What Knight Frank’s Wealth Report tells us about the premium London property market

Knight Frank released the latest iteration of its Wealth Report earlier this year. Liam Bailey, Head of Global Residential Research at Knight Frank, summarised the five key themes shaping 2024 as:

  • Global GDP will likely expand by 2.9%, down from 3.1% a year earlier, defying recession fears
  • Rates will fall, but the pace remains uncertain
  • Real estate investment volumes will improve
  • AI investment will drive real estate requirements
  • Climate change will impact property values

The Wealth Report predicts 2024 could be prime for buying property in London. Wealth creation is on the up, and 22% of High-Net-Worth-Individuals (HNWIs) have expressed a desire to invest in residential property.

The upcoming general election isn’t expected to disrupt purchase behaviour, according to Knight Frank’s Intelligence Lab research: “We expect prime central London (PCL) and prime outer London (POL) to underperform the wider UK market this year.

Given that prices in PCL are still 17% lower than their last peak in mid-2015, we believe growth will kick in more fully from next year.”

As a London buying agent, I can certainly see an appetite to buy in London; people want to put roots down here, perhaps because of family, work, or historical connections.

Whilst the Wealth Report talks of house prices in London in general terms, it’s important to remember that London is a series of villages, each with varying levels of value and popularity, and prices will differ depending on where people desire to live. This popularity is driven by several factors:

  • The quality of what’s available in the market for both apartments and houses
  • Good transport links, which can also be a prompt for improvements in the area
  • Affordability, even for those with healthy budgets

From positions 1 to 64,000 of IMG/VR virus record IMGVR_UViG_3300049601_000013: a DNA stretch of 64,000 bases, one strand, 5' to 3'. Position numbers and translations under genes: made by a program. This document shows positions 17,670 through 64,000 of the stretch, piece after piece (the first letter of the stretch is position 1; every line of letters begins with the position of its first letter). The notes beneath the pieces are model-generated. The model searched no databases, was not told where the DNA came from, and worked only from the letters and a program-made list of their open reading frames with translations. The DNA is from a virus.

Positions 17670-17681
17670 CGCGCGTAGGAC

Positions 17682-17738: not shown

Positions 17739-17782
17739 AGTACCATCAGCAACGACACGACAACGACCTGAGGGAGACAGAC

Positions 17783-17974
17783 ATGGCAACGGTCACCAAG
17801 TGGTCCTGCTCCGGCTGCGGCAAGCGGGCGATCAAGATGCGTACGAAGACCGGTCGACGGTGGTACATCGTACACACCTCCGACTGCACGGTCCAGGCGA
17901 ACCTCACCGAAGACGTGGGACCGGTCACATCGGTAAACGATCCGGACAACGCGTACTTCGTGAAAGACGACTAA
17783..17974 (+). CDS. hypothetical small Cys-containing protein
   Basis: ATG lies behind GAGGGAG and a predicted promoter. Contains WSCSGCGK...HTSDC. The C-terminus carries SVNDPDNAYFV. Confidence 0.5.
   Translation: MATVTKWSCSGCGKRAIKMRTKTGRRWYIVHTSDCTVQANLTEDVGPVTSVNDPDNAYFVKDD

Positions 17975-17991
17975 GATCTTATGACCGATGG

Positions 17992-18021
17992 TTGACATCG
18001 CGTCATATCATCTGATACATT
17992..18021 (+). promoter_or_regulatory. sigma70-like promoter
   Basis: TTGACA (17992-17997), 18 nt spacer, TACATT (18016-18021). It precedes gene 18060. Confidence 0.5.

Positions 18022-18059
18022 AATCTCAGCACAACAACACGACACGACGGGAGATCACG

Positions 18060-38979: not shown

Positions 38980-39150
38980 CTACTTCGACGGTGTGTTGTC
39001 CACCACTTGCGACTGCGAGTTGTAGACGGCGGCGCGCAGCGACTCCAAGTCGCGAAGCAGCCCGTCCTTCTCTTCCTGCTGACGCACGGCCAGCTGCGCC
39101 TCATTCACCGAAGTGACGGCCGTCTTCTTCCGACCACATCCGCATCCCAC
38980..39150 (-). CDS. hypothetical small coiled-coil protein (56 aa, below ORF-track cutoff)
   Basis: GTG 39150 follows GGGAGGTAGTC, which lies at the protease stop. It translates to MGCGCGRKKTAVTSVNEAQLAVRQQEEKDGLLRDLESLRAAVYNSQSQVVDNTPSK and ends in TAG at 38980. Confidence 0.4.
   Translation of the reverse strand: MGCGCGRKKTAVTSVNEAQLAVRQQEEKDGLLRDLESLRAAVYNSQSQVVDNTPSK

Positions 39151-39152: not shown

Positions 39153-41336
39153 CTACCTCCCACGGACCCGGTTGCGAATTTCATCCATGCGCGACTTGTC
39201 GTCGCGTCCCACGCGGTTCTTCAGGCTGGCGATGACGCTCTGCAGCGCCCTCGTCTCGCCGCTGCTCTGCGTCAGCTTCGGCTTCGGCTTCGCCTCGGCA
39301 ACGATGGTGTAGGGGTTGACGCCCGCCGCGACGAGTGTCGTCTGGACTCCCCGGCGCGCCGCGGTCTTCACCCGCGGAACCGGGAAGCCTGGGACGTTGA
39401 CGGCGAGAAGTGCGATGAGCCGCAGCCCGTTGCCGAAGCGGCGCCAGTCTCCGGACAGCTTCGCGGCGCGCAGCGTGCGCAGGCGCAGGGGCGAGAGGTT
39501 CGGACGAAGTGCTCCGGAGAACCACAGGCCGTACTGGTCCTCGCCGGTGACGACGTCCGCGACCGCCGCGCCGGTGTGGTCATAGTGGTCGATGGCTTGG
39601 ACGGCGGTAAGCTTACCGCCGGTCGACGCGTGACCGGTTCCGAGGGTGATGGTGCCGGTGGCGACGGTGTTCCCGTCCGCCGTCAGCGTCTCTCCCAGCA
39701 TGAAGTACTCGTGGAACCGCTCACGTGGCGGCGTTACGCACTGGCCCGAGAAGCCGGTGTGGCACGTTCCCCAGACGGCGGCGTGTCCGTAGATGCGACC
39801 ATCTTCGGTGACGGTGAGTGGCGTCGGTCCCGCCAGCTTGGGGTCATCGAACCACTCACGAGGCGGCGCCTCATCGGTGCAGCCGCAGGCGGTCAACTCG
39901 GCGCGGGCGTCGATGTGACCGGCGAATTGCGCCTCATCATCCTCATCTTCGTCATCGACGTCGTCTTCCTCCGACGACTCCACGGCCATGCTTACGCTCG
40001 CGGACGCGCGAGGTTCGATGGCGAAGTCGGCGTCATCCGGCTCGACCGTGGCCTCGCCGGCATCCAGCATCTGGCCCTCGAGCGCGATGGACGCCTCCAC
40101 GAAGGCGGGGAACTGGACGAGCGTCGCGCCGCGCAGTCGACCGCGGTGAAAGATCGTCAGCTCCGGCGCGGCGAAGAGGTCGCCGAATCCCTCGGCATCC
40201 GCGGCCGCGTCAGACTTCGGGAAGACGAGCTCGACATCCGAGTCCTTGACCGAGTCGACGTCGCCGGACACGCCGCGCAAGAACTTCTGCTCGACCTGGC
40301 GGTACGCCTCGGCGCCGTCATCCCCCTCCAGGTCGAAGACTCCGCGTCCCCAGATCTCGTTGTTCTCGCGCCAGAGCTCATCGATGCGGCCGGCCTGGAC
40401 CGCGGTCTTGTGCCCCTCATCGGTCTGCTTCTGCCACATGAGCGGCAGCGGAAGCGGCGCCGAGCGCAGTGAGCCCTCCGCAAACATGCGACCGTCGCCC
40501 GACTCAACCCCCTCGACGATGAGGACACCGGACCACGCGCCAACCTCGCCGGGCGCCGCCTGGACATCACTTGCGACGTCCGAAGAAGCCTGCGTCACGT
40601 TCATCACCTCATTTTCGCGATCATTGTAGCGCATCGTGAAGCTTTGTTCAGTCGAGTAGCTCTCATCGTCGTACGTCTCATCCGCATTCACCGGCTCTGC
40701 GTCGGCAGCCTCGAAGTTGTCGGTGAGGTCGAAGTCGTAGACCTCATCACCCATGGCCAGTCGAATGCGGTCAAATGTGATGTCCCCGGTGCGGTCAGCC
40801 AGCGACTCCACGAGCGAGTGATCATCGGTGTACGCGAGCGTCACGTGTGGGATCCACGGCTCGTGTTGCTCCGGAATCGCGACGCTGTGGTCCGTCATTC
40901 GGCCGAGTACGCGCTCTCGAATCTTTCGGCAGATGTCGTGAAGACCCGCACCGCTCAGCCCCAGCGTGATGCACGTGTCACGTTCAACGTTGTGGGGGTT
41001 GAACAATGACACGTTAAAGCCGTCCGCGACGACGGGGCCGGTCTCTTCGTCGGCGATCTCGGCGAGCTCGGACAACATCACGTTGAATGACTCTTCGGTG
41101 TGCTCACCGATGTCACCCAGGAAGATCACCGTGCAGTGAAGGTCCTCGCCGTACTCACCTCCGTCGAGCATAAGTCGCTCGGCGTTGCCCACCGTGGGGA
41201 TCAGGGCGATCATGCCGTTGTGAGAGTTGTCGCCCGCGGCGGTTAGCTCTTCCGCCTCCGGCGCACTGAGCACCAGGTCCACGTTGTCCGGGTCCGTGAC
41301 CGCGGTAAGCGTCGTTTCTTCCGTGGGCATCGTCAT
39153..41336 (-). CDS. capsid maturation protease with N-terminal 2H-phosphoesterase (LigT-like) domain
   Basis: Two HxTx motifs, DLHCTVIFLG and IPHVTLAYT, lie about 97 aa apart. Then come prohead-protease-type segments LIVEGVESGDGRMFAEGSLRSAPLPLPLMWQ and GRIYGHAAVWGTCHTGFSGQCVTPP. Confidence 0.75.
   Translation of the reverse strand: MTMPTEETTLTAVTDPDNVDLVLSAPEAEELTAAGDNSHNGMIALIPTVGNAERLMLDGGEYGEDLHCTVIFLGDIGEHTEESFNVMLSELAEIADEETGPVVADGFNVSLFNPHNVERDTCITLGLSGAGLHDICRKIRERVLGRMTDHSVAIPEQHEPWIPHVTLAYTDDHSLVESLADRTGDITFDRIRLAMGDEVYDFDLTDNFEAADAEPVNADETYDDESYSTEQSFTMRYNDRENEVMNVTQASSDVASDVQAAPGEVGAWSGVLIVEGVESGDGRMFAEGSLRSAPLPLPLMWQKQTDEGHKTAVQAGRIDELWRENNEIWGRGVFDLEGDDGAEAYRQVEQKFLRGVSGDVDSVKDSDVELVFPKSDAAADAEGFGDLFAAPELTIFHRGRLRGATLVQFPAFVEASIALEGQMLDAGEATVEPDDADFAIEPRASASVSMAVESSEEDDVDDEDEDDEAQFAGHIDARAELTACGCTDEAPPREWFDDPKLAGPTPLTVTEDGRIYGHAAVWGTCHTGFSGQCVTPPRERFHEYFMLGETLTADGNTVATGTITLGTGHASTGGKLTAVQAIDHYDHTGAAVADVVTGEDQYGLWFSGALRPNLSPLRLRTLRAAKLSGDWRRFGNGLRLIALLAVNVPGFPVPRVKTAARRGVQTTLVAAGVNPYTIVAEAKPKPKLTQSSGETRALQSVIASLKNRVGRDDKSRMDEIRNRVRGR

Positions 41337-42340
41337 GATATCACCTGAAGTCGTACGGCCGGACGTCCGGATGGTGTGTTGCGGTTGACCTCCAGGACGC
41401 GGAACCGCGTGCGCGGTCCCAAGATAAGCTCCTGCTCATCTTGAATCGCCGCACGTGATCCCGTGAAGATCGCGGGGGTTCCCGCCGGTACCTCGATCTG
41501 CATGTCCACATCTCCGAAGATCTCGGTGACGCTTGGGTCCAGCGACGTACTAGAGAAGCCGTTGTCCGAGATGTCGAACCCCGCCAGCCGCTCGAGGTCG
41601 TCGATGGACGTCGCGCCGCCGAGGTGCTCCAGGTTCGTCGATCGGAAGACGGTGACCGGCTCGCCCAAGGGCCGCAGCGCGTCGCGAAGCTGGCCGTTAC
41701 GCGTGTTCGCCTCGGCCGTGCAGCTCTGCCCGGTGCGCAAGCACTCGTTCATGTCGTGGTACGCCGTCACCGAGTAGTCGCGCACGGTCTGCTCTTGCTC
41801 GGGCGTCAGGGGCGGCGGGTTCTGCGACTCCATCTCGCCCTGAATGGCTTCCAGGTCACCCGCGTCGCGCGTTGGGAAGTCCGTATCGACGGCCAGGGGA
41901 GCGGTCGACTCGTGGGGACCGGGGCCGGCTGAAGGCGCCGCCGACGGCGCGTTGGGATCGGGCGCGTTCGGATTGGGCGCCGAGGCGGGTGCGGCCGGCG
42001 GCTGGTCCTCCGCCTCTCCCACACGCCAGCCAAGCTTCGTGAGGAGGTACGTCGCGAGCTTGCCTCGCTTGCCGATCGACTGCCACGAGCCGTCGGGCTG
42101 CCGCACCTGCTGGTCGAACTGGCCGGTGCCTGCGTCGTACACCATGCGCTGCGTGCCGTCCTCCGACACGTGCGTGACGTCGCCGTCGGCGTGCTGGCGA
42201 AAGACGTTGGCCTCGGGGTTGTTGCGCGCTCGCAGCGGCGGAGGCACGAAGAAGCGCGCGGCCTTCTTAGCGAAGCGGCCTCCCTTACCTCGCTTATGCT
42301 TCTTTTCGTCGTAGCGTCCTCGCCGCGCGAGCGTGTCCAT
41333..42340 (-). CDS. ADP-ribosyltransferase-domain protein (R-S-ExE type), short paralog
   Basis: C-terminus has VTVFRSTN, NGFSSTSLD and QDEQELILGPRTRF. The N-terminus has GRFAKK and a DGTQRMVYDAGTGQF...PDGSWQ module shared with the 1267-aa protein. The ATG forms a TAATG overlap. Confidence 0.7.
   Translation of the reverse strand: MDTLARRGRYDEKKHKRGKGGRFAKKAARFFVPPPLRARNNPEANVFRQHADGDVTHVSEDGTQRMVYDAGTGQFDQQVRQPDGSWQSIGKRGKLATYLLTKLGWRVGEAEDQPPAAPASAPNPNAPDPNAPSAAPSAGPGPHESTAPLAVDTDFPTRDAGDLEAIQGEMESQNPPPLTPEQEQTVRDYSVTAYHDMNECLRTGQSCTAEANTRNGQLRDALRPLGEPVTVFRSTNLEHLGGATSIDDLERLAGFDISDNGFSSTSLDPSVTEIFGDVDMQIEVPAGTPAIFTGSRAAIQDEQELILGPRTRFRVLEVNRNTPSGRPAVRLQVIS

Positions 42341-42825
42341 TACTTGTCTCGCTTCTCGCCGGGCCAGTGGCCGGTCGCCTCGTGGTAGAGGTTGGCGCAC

• Community

A good village atmosphere can dramatically increase property value which is why Marylebone is so popular; the high street has great shops and cafes. Pavilion Road, off Sloane Square, is incredibly busy at the weekend for this same reason, and these factors will have an improved impact on the surrounding areas.

The Wealth Report discusses ‘The Great Transfer of Wealth’: “Over the next 20 years, a transfer of wealth and assets will occur as the silent generation and baby boomers hand over the reins to younger generations.”

Boomers (those born between 1946 and 1964) are currently the wealthiest generation; their mean net worth falls between $970,000 to $1.2 million, (£760,000 to £940,000) according to Fortune.

Over the next 20 years, it’s expected that Boomers and their parents (The Silent Generation), will pass down £5.5 trillion in assets in the UK, and $84 trillion in the US.

The media has widely discussed the potential impact of an intergenerational wealth transfer on Millennials and Generation Z (those born between 1981 and 1996; or 1997 and 2012, respectively). This transfer of wealth could enable many from these generations to enter the property market for the first time.

However, despite widespread predictions, I haven’t seen this in the market yet. While it’s common for parents to buy property for their children (a topic James Burridge spoke about recently), my experience is that property buyers come from various generations.

Whilst demand remains high, new priorities are burgeoning thanks to lifestyle changes and environmental factors. Buyers are increasingly looking for air conditioning, lifts, and porters to help with deliveries and to maintain security, for example. This often leads to the purchase of newer apartments, and apartment living brings with it new concerns. 

Service charges have increased by large percentages, way above inflation, which isn’t an issue if service is exemplary, but with many new developments, service charges are estimated and will increase after three to four years. What that increase might be is difficult to predict.  

For more information, or if you’re thinking about making a prime property investment in London, please get in touch with me here.